National Volunteer Appreciation Week: Frederico O.

7 Apr

The Museum of Inuit Art has an amazing team of over 30 volunteers that offer their time and expertise to support many areas of our operations—public programs, visitor services, website development, collections management, and marketing to name a few. In 2013 our volunteers contributed nearly 4,888 hours to our organization. That is the equivalent of the hours worked by 2.5 full-time staff members in a given year! We are truly grateful for their support. Throughout National Volunteer Appreciation Week will be celebrating the contributions of our amazing volunteer team during 2013.

We have such a fantastic team here at the museum, it is hard to capture all the wonderful people involved but we’ve selected a few of our current and past volunteers in a variety of roles to speak about their experience being a part of the MIA family!


 

Frederico O.

Frederico now 2

Frederico Oliveira began volunteering with us in 2011 on our front desk. Throughout the two years that he volunteered with the museum, Frederico made the most of his volunteer experience, taking on additional roles as a docent and a member of our Volunteer Committee. During his time at MIA he also assisted at special events, such as the MIA Gallery’s Collectors Night events. He would help with the set-up of these events, welcome event attendees, and take photographs throughout the evening. Frederico also had the opportunity to interact with Inuit artists who came to the Museum to explain their artwork and process to the general public. Frederico left us at the end of 2012 to go teach at Lakehead University. That being said, he always keeps in touch and has come back to volunteer a few days since then. We are very proud of Frederico’s accomplishments and we are happy that he continues to be a part of the MIA family!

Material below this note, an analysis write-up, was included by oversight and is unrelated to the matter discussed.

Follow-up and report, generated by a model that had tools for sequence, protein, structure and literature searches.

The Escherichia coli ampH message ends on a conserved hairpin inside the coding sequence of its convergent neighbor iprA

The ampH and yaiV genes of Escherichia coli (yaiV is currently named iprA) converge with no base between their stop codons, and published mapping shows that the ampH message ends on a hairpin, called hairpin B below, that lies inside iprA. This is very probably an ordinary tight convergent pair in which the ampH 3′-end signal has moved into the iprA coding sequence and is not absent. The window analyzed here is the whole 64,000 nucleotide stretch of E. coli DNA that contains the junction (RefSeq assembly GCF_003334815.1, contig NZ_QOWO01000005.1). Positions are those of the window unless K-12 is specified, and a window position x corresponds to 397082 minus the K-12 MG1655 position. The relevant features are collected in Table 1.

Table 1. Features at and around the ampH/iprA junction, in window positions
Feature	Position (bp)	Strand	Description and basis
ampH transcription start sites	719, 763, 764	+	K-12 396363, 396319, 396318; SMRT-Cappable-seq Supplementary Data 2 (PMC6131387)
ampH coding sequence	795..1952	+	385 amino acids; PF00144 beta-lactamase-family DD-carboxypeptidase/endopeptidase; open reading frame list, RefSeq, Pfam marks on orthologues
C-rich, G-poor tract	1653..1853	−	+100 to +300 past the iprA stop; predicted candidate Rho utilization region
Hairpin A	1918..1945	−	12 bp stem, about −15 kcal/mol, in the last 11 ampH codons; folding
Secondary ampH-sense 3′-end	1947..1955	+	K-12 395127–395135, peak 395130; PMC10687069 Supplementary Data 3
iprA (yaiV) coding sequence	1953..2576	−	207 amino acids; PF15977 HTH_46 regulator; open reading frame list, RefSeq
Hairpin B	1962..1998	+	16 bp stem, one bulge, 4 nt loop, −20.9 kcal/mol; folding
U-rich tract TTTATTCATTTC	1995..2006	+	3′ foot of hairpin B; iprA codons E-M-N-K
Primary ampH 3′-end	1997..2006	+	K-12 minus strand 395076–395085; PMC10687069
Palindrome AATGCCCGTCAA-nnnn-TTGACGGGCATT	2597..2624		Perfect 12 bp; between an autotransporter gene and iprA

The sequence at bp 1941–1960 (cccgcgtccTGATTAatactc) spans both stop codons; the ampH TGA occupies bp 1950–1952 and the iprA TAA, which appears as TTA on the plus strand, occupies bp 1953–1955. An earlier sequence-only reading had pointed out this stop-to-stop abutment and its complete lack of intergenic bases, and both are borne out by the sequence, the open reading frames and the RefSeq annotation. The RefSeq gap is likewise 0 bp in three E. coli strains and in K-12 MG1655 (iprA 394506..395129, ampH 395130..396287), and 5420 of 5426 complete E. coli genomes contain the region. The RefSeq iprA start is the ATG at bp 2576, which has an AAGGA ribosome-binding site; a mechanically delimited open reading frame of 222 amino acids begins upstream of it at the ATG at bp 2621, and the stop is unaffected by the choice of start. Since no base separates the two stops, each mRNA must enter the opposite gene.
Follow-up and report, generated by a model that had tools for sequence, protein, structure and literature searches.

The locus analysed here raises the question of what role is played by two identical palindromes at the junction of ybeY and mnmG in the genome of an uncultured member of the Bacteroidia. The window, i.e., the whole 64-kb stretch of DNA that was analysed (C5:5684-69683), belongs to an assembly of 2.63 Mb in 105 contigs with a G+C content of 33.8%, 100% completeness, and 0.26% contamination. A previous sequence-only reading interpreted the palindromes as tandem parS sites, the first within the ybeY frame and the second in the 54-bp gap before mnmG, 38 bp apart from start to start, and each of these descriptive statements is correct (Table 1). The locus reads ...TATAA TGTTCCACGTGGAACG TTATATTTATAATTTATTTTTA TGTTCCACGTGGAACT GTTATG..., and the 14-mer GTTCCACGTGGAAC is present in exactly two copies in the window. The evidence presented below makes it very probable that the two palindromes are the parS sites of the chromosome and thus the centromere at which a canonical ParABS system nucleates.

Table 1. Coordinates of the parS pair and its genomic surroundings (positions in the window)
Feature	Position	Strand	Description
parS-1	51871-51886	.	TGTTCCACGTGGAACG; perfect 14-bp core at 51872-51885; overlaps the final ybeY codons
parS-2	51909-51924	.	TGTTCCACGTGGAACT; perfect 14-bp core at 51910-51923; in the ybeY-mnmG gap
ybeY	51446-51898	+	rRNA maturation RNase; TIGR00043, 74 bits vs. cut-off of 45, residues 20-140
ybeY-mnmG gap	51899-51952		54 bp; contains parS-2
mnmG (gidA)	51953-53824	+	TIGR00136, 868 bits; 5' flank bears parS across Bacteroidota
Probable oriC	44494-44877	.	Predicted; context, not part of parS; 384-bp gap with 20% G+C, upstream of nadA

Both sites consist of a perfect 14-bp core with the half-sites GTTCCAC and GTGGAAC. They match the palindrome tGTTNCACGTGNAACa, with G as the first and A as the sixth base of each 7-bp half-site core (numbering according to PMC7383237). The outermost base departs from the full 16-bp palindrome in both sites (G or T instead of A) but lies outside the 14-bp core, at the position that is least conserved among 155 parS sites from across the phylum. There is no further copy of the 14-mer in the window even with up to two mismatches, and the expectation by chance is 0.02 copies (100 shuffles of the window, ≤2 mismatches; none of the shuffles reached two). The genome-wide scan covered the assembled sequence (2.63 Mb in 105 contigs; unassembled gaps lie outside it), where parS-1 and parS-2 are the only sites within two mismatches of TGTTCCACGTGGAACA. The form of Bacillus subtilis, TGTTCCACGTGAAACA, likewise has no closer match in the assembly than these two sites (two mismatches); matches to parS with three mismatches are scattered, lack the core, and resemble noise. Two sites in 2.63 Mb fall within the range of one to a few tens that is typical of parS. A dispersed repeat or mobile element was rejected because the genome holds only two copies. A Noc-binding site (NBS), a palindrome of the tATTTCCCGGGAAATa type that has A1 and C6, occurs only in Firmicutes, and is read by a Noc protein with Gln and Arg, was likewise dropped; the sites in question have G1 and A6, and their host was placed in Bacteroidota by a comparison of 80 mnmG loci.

Here is how Frederico describes her experience with the museum:

Why did you decide to volunteer with the Museum of Inuit Art?

Because I work with Aboriginal peoples in Brazil, First Nations in Canada and would like know better about the Inuit.

Describe your experience during your time with MIA.

I started as a front desk assistant, greeting the visitors, making small sales and getting to know more about the Inuit history and culture. When I knew about the docent program, I was really excited, because I could understand more about the processes and techniques of art production, the different regions of the Arctic and its different themes. So, I became a docent and one of the volunteer committee coordinators because I also wanted to engage the visitors and be part of the educational program.

What was the most memorable or rewarding moment that you had while volunteering with the museum?

I can’t recall one particular moment, but I really enjoyed giving tours to the kids, especially the moment when I had to explain the spiritual world, talking the connection between the shaman and spirits of the animals, Sedna and how this relationships are so important for the Inuit.

What have you learned from your experience with the museum?

That Aboriginal peoples in Canada need spaces like the Museum of Inuit Art to help educate the general public and eliminate prejudice and many forms of misunderstanding about their culture in the past and in the present.

What are you doing now?